The Experience of interactive art: a curatorial study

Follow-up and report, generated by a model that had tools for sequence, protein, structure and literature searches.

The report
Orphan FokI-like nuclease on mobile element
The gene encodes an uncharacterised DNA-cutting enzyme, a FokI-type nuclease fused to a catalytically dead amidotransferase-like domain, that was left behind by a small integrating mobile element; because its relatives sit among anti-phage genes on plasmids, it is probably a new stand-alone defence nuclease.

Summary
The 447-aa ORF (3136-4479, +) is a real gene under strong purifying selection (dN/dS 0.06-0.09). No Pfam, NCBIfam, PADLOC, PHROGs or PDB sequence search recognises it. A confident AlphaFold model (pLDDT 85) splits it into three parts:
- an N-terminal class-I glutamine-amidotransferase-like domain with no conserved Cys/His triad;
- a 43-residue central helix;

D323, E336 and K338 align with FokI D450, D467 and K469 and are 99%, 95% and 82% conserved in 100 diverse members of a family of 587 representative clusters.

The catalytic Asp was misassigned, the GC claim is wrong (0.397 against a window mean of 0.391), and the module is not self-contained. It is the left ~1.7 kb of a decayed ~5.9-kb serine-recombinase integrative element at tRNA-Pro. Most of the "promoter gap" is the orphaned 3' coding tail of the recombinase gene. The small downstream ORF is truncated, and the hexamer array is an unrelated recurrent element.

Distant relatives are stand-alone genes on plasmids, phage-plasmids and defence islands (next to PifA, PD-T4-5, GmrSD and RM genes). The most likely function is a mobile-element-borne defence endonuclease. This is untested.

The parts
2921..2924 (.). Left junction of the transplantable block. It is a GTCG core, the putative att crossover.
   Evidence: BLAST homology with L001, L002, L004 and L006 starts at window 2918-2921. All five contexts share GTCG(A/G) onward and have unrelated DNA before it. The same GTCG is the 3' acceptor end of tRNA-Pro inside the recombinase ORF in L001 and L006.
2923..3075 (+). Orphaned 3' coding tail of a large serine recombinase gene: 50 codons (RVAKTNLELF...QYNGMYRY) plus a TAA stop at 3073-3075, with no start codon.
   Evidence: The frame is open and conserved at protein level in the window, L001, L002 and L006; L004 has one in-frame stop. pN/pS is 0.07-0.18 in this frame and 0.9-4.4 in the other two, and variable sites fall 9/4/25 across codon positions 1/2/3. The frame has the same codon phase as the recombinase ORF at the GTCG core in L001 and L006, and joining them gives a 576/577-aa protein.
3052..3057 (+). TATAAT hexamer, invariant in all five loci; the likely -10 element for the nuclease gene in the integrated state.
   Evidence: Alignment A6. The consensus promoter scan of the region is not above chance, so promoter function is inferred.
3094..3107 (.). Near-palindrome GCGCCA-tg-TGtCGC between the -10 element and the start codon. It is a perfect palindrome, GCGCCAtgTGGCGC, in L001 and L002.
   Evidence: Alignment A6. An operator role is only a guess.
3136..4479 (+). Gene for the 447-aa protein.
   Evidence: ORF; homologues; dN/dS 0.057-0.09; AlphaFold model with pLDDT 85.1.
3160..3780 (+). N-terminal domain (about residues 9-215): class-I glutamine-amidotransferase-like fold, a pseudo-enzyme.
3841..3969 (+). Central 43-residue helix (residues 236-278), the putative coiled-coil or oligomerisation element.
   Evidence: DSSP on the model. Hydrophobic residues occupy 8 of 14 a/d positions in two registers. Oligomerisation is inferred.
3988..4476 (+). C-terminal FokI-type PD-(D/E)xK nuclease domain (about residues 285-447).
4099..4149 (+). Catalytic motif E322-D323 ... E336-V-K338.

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Interactive art exists through the participation of its audience. There is an increasing awareness amongst artists, critics and curators that the audience's experience is of central importance to the understanding, creation and exhibition of interactive art. Because of its emphasis on experience and participation, as well as engagement with science and technology, interactive art offers challenges and opportunities for curatorial practice in museums and galleries. The research reported in this thesis investigates the audience's experience of artworks in order to develop a critical framework for, and a curatorial approach to interactive art. It draws on insights, methods and techniques from the interdisciplinary field of Human Computer Interaction (HCI) for studying and working with people's experience of interactive technologies. The research approach of the project is reflective curatorial practice, based on close collaborations with artists during the creation and exhibition of their work. The research centres on two case studies: Cardiomorphologies, by George Khut, a physiologically interactive artwork that creates real time visual and sonic representations of the participant's heart and breath; and Contagion, by Gina Czarnecki, a multi-user installation based on a complex interactive representation of the spread of disease within populations. Both of these artworks were publicly presented in Beta_space at the Powerhouse Museum, Sydney, a dedicated venue for "prototyping" interactive artworks developed as part of this doctoral project. The first outcome of the research is an experimental approach to curating interactive art, which integrates the exhibition of prototype artworks with the creative process. The approach adapts techniques from HCI for use in artistic contexts. The second outcome is a critical framework for the experience of interactive art, which draws on the work of pragmatist philosopher John Dewey and artist David Rokeby. An examination of the participants' experiences of the two case study artworks demonstrates how the framework can be used by curators, artists and researchers to understand the aesthetic impact of interactive artworks. Together these two outcomes demonstrate how direct engagement with audience experience contributes to interactive art research and curation. The thesis concludes by exploring future directions for this experience-centred approach, including the impact on documentation and archival practice and the curation of group exhibitions.
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